Did Amazon Web Services’ S3 outage ruin your day on Tuesday? It can be a huge pain for SaaS companies when an upstream vendor has an outage, or worse when your own product is experiencing issues. All of a sudden there’s a fire, and while your CSMs and support agents try to tackle the onslaught of calls and emails it can feel helpless as there’s nothing you can do in that moment to fix the problem. The only weapon at your disposal is communication and time. Getting out in front of an issue and communicating early and often is about the best you can do in these high severity situations.  

Being a trusted advisor is not always about having the right answer – it’s about your commitment to finding an answer. It’s important to respond as quickly as possible to customer inquiries. Even if you don’t have an answer for them just yet, at least the customer knows you’re aware of their problem and are working on a solution. Rather than waiting to issue a response when an issue does occur, a preemptive message to inform users that you’re aware of the issue is your best course of action.

What Doesn’t Work

Amazon didn’t admit they were having an issue until hours into their outage. How did that make you feel as their customer? You know your own customers are going to call, you know what they’re going to ask, but you haven’t been given a clear understanding of the problem or what to expect. Amazon’s S3 outage was a major issue for a big portion of the internet, but without communication, companies didn’t know what exactly was happening or when to expect a fix and therefore couldn’t alleviate the pains of the outage for themselves or their customers.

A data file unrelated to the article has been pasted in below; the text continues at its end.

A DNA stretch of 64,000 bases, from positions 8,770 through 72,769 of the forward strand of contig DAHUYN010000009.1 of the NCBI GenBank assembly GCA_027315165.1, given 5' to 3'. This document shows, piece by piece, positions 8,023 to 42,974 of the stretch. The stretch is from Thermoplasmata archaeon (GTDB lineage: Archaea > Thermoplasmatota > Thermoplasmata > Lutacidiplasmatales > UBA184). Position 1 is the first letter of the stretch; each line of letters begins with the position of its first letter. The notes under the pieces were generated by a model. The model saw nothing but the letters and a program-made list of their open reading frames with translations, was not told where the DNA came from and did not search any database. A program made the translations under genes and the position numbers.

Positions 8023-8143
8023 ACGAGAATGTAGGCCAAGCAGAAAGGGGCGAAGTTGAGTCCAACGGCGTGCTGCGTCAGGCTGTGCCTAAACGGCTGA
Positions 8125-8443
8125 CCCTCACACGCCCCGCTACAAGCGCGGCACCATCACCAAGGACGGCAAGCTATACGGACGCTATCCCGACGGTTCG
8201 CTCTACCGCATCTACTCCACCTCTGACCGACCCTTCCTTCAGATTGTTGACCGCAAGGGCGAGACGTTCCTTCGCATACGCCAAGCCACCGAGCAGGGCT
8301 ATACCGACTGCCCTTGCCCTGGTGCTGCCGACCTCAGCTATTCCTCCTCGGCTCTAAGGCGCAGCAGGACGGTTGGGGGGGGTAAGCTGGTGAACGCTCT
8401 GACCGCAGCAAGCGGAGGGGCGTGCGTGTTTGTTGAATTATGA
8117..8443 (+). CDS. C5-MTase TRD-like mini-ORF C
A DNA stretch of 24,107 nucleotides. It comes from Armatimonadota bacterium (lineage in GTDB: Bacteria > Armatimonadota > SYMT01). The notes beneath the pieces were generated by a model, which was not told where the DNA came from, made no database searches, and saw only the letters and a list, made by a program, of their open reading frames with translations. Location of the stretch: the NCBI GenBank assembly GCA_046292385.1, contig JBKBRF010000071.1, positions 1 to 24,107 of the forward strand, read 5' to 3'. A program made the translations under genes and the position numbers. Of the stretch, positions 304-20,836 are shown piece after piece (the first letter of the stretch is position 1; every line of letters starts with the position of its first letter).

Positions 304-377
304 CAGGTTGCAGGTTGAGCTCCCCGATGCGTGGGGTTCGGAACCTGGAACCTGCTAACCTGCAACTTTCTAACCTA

Instead, Amazon should have been clear and communicative the moment they recognized the outage. Giving customers the answer they need, or at least detailing what they can expect, not only saves you support requests, it also shows your customer that you’re aware of the situation and making their concerns a priority.

A New Era of Communication

I know many of you rushed to put together an email to your clients on Tuesday to let them know about the outage, I received a few of these. It’s an admirable attempt, but how long did that take? How many departments had to sign off on that message before it went out? Doesn’t it make more sense to tell your users there’s an issue where there’s an issue?  

Here at UserIQ we specialize in delivering the right message to the right user at the right moment, and we like to drink our own champagne. On Tuesday, we were able to create a direct in-app message to our user base, test it, and go live with it in less than 10 minutes. Simple, straightforward messaging communicated at the appropriate moment—when your user is using your application and will be experiencing the issue. It was as simple as this:

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The result? We received 1 support email on Tuesday in regards to the AWS outage. Now, granted, our user base is small, and all of my customers are also software vendors so they know our pain and many were experiencing issues of their own due to the outage, but only 1 support email is still a huge win for me.

I’m sure Tuesday wasn’t terrible for everyone in SaaS, but the takeaway this week is how do we learn from this? What will our process be the next time a major incident affects our customers? I would challenge you to be that trusted advisor for your client: get out in front of the issue, assuage their fears, address their concerns before they even know what they should be concerned about. We can’t all afford to be Amazon; letting your customers know they are your top priority is critical to a healthy, successful, and long-lasting relationship.

Schedule a demo to learn more about how you can prepare for issues like these in the future with UserIQ’s targeted engagements.